Hamma: What has made me successful is the team I am privileged to lead. When you surround yourself with good hard-working people who know how to get the job done, the rest is easy. I like to think I’m intuitive about people and I care. I love to overachieve goals, but making a difference in someone’s life by helping their career grow gives me tremendous satisfaction. I learned early on that a relationship begins when you do something for your people that is in their best interest, not yours. This means putting the spreadsheets aside to be available to your team.
RI: What do you do to keep yourself on the cutting edge?
Hamma: I read a lot, listen to my wisest friends, and ask a lot of questions. We recently set up a panel of millennials from within our stations. Our management team conducted a session to get to know and understand our millennial team members. It was fascinating, and we definitely learned a lot. Who knew to get their news from Vice?
RI: When do you know you have an excellent manager working for you?
Hamma: I’d say when I see a manager who is growing people, I have a winner.
RI: Tell us the best way for managers and sellers to overcome all the competition they face today.
Hamma: I live by this motto: “The only behavior you can control is your own.” We can’t control the competition, but we can control our own behavior. If we continue to understand our clients’ needs and develop customized on-air, online, and on-site solutions, we will be fine. We believe strongly in live and local, so working our relationships and being part of the community will continue to separate us from the competition. As our top-of-the-hour ID says, “We live here too.”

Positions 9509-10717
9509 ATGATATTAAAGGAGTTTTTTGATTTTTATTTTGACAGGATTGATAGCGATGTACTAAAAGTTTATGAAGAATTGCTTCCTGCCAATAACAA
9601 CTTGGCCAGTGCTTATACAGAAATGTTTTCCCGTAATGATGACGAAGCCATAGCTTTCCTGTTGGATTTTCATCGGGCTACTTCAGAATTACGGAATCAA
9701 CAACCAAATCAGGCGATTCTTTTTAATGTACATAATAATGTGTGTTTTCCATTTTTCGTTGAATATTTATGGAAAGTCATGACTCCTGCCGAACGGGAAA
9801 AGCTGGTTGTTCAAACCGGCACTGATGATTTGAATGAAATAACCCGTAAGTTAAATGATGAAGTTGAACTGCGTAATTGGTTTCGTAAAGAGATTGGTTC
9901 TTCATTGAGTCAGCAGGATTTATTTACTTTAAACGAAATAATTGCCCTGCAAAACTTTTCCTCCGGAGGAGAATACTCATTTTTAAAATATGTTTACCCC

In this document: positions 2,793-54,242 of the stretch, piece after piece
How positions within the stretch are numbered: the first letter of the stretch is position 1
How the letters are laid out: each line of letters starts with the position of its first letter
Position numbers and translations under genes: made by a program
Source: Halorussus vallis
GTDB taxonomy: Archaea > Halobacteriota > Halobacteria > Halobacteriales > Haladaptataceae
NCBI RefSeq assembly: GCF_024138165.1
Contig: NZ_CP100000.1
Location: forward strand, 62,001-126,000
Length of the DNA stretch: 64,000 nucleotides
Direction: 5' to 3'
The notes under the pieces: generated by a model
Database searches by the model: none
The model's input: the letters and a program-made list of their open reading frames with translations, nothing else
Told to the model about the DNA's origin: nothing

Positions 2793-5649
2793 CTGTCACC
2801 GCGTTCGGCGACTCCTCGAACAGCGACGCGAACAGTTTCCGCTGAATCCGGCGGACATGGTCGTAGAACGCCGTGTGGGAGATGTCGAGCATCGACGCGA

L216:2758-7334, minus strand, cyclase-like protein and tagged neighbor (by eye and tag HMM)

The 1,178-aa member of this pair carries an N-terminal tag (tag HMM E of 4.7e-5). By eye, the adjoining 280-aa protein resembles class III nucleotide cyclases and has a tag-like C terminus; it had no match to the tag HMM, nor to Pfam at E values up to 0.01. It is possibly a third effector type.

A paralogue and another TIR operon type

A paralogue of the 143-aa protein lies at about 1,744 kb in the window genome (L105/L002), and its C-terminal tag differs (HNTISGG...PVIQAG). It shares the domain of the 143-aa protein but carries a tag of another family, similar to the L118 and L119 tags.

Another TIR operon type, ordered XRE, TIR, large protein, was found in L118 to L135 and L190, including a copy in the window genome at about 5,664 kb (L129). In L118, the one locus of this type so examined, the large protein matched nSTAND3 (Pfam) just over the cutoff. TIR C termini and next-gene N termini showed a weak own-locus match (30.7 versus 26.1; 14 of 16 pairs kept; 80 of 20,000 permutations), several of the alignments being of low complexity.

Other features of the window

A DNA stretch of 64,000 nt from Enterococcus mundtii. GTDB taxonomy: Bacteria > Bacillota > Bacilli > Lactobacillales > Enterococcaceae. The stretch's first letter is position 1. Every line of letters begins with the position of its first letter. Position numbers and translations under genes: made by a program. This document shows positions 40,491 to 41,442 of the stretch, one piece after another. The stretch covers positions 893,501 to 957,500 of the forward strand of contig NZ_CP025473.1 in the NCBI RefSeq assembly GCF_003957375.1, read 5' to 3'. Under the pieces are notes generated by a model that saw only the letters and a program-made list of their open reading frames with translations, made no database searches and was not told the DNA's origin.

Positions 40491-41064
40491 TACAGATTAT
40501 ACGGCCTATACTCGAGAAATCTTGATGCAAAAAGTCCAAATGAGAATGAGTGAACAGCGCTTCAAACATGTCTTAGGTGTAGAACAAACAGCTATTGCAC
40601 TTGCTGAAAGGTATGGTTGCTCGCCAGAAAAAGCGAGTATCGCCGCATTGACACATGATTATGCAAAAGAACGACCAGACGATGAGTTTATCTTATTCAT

RI: What’s the best way to get radio sellers to believe in our product?
Hamma: Radio is an extremely relevant advertising medium today. We still reach 93 percent of all Americans every week. We have new success stories every day, where radio delivers results for our advertisers. These stories demonstrate the viability of radio today. We start nearly every sales meeting with good news and have our team share these stories. When you hear it enough, you get that radio works. I guess frequency really does work!
RI: How do you keep your managers focused on the goals?
Hamma: If I have to keep a manager focused on their goals, I probably have the wrong managers! Our environment is very team-oriented and transparent. Everyone knows where we are and where we are going. I believe a fun, collaborative, empowered environment is the secret sauce to success.
RI: Who are a few managers you admire?
Hamma: I admire the Alpha Media Palm Beach team for their grit, get-it-done attitude, creativity, and the way they attack every obstacle with a fierce attitude. Joel Delmonico was a great mentor and friend, Mike Cutchall demonstrated tenacity and a passion for talented people, Gerry Tabio taught me life skills to solve problems, Chuck Togias taught me that my competitive advantage will always be me, Dean Goodman was the smartest guy I ever worked for, and now I get to experience the incredible managers at Alpha Media. Bill McElveen, Bob Profitt, and Larry Wilson value people more than any company out there; they know how to have fun, and they both a difference in someone’s life by helping their career grow gives me tremendous satisfaction. I learned early on that a relationship begins when you do something for your people that is in their best interest, not yours. This means putting the spreadsheets aside to be available to your team.